No matter the state of relations between American and Iranian leadership, it is in the interest of film lovers the world over to keep a keen eye on the multi-layered world of Iranian cinema, celebrated annually by the Festival of Films from Iran at the Museum of Fine Arts. From aboveboard releases to underground projects that were smuggled out of the country on a flash drive, slice-of-life dramas to subversive commentary, the work of established pros to first-time directors, the extent to which Iranian artists and audiences are flocking to film as a means of expression is fascinating for its prevalence, and useful for developing a three-dimensional view of life, philosophy, and politics as seen by Iranians themselves.
For the uninitiated, experiencing an entirely new cinematic style can be a lot to take in, so we’ve organized this year’s slate into two categories: those made in Iran with full knowledge and support from the authorities, and those made subversively or under conditions of questionable legality.
On the domestic front, be sure to catch What’s the Time in Your World?, a meditation on accepting that the changing reality of your hometown will never live up to your gilded memories, featuring familiar face Leila Hatami, known to international audiences as the star of A Separation, the first Iranian film to win the Oscar for Best Foreign Language Film. Bending the Rules follows a young musical group whose members have the opportunity to embark on an international tour yet also face obstacles from their once-revolutionary parents.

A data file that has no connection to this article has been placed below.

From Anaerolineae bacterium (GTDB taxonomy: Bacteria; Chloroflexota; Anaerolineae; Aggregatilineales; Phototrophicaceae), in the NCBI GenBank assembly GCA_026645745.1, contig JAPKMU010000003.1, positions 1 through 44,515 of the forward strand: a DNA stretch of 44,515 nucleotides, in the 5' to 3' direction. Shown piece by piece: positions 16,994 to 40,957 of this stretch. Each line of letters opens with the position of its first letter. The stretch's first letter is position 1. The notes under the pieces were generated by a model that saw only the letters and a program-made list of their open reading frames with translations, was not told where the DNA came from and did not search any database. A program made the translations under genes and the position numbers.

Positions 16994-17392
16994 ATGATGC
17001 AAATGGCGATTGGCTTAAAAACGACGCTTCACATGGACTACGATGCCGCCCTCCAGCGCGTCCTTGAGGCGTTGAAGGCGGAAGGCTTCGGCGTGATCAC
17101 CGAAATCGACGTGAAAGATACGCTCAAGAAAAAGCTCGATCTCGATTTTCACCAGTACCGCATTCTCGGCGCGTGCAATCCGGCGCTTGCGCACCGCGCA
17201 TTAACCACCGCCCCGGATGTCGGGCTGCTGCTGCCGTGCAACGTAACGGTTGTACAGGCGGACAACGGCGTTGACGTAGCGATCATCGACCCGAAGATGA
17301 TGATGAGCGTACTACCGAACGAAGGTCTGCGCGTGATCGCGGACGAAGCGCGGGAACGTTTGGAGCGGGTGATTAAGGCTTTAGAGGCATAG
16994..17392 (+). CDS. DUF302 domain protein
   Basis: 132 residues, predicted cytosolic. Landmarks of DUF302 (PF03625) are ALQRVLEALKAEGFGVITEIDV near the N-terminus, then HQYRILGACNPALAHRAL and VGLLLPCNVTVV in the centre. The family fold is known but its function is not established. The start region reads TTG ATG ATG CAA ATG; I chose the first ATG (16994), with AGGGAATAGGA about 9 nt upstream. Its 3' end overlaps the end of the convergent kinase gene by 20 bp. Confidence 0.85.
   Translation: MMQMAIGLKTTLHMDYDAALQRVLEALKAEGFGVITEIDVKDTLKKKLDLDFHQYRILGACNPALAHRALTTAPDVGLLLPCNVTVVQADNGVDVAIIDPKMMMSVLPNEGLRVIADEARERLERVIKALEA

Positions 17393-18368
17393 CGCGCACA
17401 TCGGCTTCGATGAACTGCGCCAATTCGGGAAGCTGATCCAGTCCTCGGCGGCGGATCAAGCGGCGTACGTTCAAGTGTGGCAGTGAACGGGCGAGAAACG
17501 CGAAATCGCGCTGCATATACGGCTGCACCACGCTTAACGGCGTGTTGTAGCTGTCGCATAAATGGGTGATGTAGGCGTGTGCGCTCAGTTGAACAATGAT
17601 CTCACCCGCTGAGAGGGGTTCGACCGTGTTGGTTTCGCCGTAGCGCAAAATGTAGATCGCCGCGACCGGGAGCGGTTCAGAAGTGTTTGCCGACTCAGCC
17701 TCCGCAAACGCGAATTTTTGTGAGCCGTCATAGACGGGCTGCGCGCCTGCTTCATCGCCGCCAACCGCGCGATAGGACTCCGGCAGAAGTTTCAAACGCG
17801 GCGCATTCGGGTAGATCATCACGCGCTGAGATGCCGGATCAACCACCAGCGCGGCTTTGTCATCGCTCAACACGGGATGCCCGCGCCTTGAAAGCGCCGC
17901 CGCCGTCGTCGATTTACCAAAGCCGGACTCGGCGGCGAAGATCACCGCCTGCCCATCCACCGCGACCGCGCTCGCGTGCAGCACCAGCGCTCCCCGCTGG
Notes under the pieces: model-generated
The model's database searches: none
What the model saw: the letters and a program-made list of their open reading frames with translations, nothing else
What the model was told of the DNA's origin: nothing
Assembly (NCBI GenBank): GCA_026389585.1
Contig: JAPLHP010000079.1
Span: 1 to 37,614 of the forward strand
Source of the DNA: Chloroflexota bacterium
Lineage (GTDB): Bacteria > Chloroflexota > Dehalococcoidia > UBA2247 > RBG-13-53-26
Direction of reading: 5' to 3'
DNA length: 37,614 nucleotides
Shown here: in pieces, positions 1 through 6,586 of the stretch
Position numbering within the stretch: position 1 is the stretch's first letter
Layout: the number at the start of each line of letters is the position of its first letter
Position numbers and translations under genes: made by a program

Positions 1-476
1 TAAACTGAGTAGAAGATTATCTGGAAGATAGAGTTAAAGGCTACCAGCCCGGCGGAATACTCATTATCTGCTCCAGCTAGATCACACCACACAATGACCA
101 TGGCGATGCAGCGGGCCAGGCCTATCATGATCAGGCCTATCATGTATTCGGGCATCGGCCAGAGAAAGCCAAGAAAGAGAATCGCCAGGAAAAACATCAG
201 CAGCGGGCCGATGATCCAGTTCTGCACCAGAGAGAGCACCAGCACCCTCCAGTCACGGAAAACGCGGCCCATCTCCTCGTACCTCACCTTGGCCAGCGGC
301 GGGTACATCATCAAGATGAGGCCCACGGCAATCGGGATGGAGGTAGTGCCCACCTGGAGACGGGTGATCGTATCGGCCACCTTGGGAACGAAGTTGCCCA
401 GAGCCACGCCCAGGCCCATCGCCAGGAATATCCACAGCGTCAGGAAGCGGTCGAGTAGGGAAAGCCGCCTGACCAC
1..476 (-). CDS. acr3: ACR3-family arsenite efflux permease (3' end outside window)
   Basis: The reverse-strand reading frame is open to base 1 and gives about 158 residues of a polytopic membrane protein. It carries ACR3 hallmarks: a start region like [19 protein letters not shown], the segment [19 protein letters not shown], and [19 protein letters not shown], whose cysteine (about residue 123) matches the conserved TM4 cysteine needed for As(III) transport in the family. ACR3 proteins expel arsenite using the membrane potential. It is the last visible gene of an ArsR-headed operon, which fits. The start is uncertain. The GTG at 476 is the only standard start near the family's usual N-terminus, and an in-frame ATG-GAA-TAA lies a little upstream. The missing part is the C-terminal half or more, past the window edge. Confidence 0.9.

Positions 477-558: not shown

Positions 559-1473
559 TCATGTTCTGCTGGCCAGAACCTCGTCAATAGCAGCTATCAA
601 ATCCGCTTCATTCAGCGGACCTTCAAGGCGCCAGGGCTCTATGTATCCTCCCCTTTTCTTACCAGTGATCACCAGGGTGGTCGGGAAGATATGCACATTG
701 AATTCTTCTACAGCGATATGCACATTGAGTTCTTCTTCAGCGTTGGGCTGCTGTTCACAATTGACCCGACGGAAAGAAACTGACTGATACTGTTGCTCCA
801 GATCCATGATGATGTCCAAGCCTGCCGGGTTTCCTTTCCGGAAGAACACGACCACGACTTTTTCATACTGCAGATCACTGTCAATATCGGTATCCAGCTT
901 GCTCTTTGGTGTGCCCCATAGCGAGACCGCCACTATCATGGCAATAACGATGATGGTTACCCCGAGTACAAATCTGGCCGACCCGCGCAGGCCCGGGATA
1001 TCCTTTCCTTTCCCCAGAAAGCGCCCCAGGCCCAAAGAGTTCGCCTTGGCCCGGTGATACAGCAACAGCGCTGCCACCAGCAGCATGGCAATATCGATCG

Most unique in this category is Fish & Cat, a movie experience that you will never see coming. Partially inspired by a true story, Shahram Mokri’s film follows the collision of urban students attending a kite-flying competition and their temporary neighbors, a strange pair of restaurant owners who may or may not serve human flesh. Shot in a single take, Fish & Cat plays with familiar horror conventions with a satisfyingly grim sense of humor and no small amount of suspense. A must-see.
The semi-legal, underground selections bend toward docudrama and documentary, covering subjects likely unfamiliar to Western audiences. Stop-Over, which follows the ordeals faced by migrants all over the Mediterranean and Europe, good people who must put their faith in smugglers and hope for the best. Iranian is a social experiment in which atheist Mehran Tamadon, who was born and raised in Iran but lives in France, lived in a house with conservative clerics supportive of the Iranian regime. The documentary follows the ensuing debates on how to arrive at and construct the ideal society.
Of note on the subversive side is New York Times favorite Fifi Howls from Happiness, a documentary that tells the unique story of once-celebrated artist Bahman Mohassess, an openly gay man whose work was omnipresent before the 1979 revolution. Finally, there is the headline-making Cannes favorite Manuscripts Don’t Burn by renowned dissident filmmaker Mohammad Rasoulof, who crafted this fact-based tale completely clandestinely. Manuscripts explores a fictionalized version of the infamous “chain killings”, which saw over 80 writers and intellectuals murdered by mysterious, possibly government, organizations.
Though the thaw in relations between the US and Iran is promising, it alone cannot create understanding between the two worlds. Iranians are making enormous, often risky, efforts to tell us their story in film. We owe it to them, the world, and ourselves to appreciate their labor and their artistry.